A CLIR report on digital forensics for born digital collections is out. Digital Forensics and Born-Digital Content in Cultural Heritage Collections by Matthew G. Kirschenbaum,Richard Ovenden,Gabriela Redwine with research assistance from Rachel Donahue.
The report makes a case for applying digital forensics, an applied field originating in law enforcement,computer security, and national defense, to the archives and curatorial community since libraries, special collections, etc. increasingly receive
computer storage media (and sometimes entire computers) as part of their acquisitions of "papers" from artists, writers, musicians, etc. Upwards of 90 percent of the records (i.e. personal and corporate "papers") being created today are born digital (Dow 2009, xi).
Here's a quote from the introduction: "Digital forensics therefore offers archivists, as well as an archive’s patrons, new tools, new methodologies, and new capabilities. Yet as even this brief description must suggest, digital forensics does not affect archivists’ practices solely at the level of procedures and tools. Its methods and outcomes raise important legal, ethical, and hermeneutical questions about the nature of the cultural record, the boundaries between public and private knowledge, and the roles and responsibilities of donor, archivist, and the public in a new technological era."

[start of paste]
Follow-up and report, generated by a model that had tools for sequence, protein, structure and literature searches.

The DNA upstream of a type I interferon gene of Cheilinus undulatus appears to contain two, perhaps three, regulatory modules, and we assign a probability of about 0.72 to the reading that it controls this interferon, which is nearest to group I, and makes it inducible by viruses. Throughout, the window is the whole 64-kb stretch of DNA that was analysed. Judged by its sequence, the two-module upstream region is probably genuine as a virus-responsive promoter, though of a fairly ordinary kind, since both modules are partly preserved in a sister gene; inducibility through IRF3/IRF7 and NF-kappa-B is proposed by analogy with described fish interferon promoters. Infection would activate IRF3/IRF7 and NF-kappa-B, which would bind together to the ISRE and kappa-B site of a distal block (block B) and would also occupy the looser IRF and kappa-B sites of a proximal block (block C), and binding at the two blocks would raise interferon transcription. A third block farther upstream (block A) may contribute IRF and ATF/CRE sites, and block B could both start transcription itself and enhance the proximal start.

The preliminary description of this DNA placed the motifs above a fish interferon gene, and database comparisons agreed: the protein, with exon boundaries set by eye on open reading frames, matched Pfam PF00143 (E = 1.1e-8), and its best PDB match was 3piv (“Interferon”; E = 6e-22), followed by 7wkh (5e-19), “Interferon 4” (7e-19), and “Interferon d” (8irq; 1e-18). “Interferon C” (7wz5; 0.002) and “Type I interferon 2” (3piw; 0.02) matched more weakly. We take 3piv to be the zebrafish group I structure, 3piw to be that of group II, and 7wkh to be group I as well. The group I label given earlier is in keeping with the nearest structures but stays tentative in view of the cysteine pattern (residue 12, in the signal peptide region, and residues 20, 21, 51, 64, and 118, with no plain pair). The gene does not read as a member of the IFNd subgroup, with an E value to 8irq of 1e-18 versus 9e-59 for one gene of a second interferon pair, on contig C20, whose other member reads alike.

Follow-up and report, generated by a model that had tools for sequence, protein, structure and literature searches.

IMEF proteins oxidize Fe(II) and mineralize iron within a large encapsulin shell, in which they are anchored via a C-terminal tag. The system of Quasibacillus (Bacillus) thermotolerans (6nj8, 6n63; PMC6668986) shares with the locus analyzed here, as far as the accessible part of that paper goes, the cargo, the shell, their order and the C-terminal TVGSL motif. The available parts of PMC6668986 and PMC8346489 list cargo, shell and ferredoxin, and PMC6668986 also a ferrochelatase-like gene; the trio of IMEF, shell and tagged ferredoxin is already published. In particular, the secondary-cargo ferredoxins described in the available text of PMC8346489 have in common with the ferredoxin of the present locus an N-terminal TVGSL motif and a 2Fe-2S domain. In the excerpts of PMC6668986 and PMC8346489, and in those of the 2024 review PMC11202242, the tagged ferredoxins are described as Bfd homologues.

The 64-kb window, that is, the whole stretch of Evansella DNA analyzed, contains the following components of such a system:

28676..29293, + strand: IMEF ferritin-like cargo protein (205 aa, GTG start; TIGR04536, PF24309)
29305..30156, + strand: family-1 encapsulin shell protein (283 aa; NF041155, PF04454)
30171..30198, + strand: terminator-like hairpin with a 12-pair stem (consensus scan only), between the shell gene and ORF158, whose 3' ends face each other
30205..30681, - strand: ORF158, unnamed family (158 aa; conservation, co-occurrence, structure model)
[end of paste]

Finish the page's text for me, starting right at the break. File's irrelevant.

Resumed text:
This report cites an earlier one that sounds good, too. "The starting place for any cultural heritage professional interested in matters of forensics, data recovery, and storage formats is a 1999 JISC/NIPO study coauthored by Seamus Ross and Ann Gow
and entitled Digital Archaeology: Rescuing Neglected and Damaged Data Resources. Although more than a decade old, the report remains invaluable."
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